18. As reported by some users who already got their combat foot rests. Braking force is quite high. I have my MFG's bolted down and like extra heavy duty feel, like I'm in a real plane. So I have my brake spring setup so hard it makes me sweat if miss my landing marks. But not everyone has the luxury to bolt their MFG's to the floor, or to raise their feet and place them on top of the foot rests for braking, like in real life training: So I made new spring adjusters. Measured on the middle of the combat foot rests, braking forces are as following: Original spring adjusters minimum force: 20 kg (40 lbs) v1.0 adjusters you received minimum force : 8 kg (16 lbs) v1.5 adjusters I just made minimum force : 2 kg (4 lbs) That's a 90% decrease in braking force for those who don't have the luxury of bolting down their MFG's to the floor, and their pedals either slide, or move the office chair. Or those of you who have low desks and cannot easily raise your feet to place them on top of the foot rests for braking. They don't interfere with brake range or movement. I'll ship them to any testers who need them.
  19. All sorted out. Several large squadrons got in touch and they will be doing the out-side testing.
  20. Combat Pedals should start arriving this week to those from EU countries. These combat pedals shoud be angled quite vertically. If you have your MFGs on the floor, not attached to anything, then the brake spring strength might be too high, so you'll have to replace the old brake spring adjusters, with the ones you got in the package along with the Combat Pedals. Milan from MFG has a video on how to remove the pedal mounts easily, then you should proceed to remove the brake spring adjusters, and replace them with the new ones with 2x extra holes for even weaker brake spring strength: https://www.youtube.com/watch?v=jVNSsj6aR10 To remove the nuts from the old brake spring adjusters use a trick:
  21. All the test pedals are being shipped tomorrow. I have used different settings in manufacturing each set. If yours brake apart, you can report it and I will cross that particular setup as non-working, and re-send you a new sample on my dime. Try out both high and low positions, and also all angles so we can figure out if any modifications are needed to the design.
  22. So, I find myself in search of a new beta-testing team, with no obligation from either my or your side. When the final throttles are ready for outside testing, they're ready and I'll ship em. Private message me if you're interested.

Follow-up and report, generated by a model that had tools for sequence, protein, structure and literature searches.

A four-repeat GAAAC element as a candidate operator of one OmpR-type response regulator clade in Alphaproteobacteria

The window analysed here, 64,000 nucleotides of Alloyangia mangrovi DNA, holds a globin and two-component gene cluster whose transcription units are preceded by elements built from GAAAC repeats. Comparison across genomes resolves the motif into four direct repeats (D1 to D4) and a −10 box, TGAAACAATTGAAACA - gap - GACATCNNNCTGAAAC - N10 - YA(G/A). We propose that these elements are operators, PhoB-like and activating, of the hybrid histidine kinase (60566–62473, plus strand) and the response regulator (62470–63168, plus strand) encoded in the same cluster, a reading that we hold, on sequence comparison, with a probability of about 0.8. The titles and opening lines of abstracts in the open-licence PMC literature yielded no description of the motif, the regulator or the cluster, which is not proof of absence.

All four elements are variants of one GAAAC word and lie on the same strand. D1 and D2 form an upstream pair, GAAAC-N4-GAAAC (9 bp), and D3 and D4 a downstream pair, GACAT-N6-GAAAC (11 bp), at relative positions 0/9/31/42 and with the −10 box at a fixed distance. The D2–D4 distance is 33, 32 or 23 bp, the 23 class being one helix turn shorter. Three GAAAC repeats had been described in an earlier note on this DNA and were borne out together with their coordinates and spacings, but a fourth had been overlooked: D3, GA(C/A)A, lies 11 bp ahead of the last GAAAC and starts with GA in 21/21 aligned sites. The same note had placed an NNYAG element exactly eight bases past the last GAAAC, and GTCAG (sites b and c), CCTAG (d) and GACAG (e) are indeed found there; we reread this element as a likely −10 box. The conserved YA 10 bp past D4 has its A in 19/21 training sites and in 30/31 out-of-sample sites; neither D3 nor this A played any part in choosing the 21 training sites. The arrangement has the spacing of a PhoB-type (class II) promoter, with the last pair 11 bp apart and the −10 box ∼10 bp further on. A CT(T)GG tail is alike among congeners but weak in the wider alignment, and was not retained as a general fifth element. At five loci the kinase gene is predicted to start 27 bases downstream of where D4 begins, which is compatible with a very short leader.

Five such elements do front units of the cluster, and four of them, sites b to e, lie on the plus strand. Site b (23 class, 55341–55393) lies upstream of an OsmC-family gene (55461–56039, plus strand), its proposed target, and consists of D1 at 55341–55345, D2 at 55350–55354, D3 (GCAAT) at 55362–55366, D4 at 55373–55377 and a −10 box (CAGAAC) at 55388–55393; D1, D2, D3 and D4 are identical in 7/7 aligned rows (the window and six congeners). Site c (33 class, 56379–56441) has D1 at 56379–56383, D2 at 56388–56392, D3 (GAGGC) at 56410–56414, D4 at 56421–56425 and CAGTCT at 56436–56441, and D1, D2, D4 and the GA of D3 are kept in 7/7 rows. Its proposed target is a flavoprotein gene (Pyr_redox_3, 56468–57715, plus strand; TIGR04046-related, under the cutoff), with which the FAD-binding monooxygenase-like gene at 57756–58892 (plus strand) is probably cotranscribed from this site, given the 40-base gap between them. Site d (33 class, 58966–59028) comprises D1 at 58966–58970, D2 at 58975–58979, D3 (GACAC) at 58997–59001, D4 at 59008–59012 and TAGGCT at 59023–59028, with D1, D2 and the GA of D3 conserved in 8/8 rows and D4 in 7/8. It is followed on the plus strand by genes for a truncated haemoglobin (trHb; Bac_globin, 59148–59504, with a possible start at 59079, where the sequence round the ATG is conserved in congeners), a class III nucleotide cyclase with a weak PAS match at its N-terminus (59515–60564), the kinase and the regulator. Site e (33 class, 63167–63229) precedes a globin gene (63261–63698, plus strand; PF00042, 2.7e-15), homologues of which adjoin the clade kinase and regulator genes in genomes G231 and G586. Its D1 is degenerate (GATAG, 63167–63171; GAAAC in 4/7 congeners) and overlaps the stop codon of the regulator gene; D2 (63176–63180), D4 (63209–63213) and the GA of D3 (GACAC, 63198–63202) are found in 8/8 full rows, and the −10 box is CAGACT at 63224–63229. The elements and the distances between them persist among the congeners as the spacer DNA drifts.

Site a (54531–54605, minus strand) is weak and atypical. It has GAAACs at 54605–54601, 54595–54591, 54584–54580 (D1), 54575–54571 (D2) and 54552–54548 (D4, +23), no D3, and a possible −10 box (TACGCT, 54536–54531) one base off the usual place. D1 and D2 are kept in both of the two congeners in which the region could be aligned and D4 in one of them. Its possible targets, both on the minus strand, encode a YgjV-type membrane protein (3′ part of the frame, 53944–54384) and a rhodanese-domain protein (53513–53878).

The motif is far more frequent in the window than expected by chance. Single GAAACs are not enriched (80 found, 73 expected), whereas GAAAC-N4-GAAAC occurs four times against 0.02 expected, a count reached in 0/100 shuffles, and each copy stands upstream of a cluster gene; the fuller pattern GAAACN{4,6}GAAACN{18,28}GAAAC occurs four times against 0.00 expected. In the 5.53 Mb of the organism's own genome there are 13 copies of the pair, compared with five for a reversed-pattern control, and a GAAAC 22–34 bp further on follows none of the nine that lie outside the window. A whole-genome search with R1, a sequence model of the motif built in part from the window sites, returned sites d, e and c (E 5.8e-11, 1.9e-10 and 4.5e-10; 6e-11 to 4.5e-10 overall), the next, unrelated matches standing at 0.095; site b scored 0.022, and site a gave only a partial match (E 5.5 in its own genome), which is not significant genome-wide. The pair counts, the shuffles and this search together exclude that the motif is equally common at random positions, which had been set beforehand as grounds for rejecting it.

23. Why 😀 Anyways, we have enough testers now.
  24. Any MFG Crosswind users here? I prototyped these 3d printed combat pedals for MFG Crosswinds. I have tested them myself for strength, hardness, functionality and ease of manufacturing. They pass. Height adjustable +/- 26 mm or 1 inch, in WWII green: I've sent them out to the 3-4 people that own MFG's in my country for further testing. But I would like at least 20 people to confirm they're ok and are worth making. I'm in Croatia, so if you'd be willing test them out for the price of shipping. Let me know. They use existing bolts so it's a fairly light and small package. There are also modern type designs (the only difference is the cutouts in the pedals, F-18 has holes, F-14 & F-16 have squares, WWII has no holes): EDIT: The steering damper going across the top, is another mod I am testing. It provides resistance to movement so it feels more like the real plane, with some weight to the movement., like moving your feet through water instead of air. The mod is non-destructive so no drilling, uses existing holes and a few extra bolts.
  25. No hard feelings here, hence the smileys. I'm just saying, the ID tags are the cheapest part, yet the most visually stunning. So there is no point in removing them as I would have to have separate workers trained, separate store items, separate assembly lines etc. Just like with your Warthog, you can remove the engraved plates, they have screws, but why do so just to save a couple of bucks. It's 5% on top of the product price, and would add 50% in development changes so no reason to do so. These are designed to shock and awe the vast majority of desktop pilots, and shock and awe they will